Blork’s Photos of the Week

Here is the latest with my kinda-sorta-maybe weekly reports of my favorite finds during the previous week’s tours around the photoblogosphere.

lonelyDonina posted a photograph of a ceiling in a rundown room. At first glance it doesn’t look like much, but as I take it in and notice the sad details, it brings to mind the lonely nights I’ve spent in strange and faraway places. Not that there have been so many, but when they happen I tend to spend a lot of time staring at the ceiling.

I like images like this that have the power to evoke memories in viewer. It’s a bit like in literature, when a story is not just about the characters or the narrator; when it evokes memories or emotional responses in the reader based on imagery that taps into something just below the surface.

fuzzyOutafocus scored again, with an image that brings to mind the South African outback as described in the literature of J. M. Coetzee. In particular, it makes me think of his 1977 novel In the Heart of the Country, which describes the most bleak characters and landscape imaginable.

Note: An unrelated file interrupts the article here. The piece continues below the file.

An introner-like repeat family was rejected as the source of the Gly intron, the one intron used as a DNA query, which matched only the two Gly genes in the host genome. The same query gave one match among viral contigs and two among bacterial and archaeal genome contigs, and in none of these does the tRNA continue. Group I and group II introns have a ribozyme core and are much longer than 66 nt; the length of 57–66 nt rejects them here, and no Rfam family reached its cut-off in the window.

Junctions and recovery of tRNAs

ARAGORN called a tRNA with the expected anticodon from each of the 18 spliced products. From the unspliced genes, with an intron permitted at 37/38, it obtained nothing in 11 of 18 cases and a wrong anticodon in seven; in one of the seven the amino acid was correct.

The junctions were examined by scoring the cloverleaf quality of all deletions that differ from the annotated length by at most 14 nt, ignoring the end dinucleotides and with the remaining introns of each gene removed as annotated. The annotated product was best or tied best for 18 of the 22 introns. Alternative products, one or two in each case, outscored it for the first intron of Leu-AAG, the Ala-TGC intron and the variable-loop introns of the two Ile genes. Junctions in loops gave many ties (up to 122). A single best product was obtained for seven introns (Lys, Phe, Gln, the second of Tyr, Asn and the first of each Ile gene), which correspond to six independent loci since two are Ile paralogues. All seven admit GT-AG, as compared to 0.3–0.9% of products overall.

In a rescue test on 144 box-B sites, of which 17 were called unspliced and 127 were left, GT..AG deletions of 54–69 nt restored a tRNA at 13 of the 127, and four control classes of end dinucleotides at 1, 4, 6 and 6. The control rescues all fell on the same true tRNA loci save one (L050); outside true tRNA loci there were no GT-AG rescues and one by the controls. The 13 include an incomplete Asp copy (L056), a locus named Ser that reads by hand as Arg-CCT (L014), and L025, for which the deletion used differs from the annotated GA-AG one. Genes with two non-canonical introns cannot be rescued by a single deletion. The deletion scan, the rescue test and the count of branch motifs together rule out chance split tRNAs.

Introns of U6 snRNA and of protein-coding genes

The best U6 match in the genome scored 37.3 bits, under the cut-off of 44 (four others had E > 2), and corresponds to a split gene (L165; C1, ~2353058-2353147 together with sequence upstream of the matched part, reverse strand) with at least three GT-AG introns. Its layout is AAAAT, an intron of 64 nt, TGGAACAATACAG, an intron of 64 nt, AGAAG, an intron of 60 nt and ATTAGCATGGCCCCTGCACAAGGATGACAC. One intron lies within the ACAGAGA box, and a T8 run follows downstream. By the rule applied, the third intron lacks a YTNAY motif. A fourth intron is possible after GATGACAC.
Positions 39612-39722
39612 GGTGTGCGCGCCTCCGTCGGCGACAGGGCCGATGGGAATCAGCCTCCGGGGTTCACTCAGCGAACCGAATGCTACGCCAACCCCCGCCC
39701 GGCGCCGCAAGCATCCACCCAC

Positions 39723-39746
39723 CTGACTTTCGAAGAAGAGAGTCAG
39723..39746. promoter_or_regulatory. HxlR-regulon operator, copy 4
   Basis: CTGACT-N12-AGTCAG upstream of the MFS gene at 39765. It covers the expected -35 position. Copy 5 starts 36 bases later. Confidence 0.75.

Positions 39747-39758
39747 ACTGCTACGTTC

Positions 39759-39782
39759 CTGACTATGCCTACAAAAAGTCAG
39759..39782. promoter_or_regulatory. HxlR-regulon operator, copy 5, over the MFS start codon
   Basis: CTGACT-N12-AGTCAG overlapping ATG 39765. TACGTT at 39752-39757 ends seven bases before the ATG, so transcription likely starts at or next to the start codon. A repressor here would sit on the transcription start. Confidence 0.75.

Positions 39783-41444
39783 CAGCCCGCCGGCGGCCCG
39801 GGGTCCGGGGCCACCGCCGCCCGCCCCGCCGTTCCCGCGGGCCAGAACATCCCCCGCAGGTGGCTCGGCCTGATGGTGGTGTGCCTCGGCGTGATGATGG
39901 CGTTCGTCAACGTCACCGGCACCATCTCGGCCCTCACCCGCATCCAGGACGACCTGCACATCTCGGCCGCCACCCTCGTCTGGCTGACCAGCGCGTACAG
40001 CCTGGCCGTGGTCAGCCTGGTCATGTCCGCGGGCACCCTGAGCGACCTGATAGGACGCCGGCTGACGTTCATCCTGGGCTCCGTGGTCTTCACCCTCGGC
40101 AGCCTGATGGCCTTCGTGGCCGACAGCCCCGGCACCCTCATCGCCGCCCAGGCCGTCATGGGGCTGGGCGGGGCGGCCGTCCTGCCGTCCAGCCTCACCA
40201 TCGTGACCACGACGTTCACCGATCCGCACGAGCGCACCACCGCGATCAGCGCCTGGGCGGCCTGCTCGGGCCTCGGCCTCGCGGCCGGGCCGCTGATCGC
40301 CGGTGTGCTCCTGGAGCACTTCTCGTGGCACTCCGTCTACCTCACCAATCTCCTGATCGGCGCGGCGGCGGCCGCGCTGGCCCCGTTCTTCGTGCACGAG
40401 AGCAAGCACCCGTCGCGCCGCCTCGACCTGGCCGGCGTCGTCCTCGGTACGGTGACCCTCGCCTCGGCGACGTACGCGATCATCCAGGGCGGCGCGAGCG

The photograph is another in another of Susan Burnstine’s “toy camera” shots, which means it has nothing to do with formal or “correct” techniques. However, the composition is right on, and the slightly tilted horizon adds to the overall surreal and slightly vertiginous nature of the image.

yikes!Julien Roumagnac of the J. R. Photoblog, scores a hit with this crisp image of a chunk of stuff lying on the ground near a Montreal highway overpass. It’s not just the timely nature of the image (given recent events in Quebec), but I like the way he mixes the formats of reportage and very formal landscape photography.

He appears to be using the HDR (high dynamic range) post-processing method here (and in his other image). That’s a way of processing an image in Photoshop so that it delivers a tremendous amount of detail in the highlights and shadows. Unfortunately, the method has become so popular that some people use it as an end in itself. Roumagnac, however, is quite the master of landscape photography, and he has a firm command of the technique. He uses it to enhance his images to great effect.

i had one like that...Mute posted a fun image last week that’s worth a mention. It’s a classic black & white, square format shot of a tricycle, take at what appears to be a street market. It’s not a profound image but it has a certain poignancy and it made me smile.

An old tricycle, probably with a lot of history but clearly on its last legs. It’s got a limp from a missing tire in the back, yet it is tagged for some reason, and marked “fragile.” I like the contrast with the bigger bicycle in the background, which is also old but seems fitter. I don’t know what’s going on here, but I don’t really care. It’s fun to just look at, think to about the possibilities.

Click on the thumbnails to go to the original posts, where you can see the full images (recommended).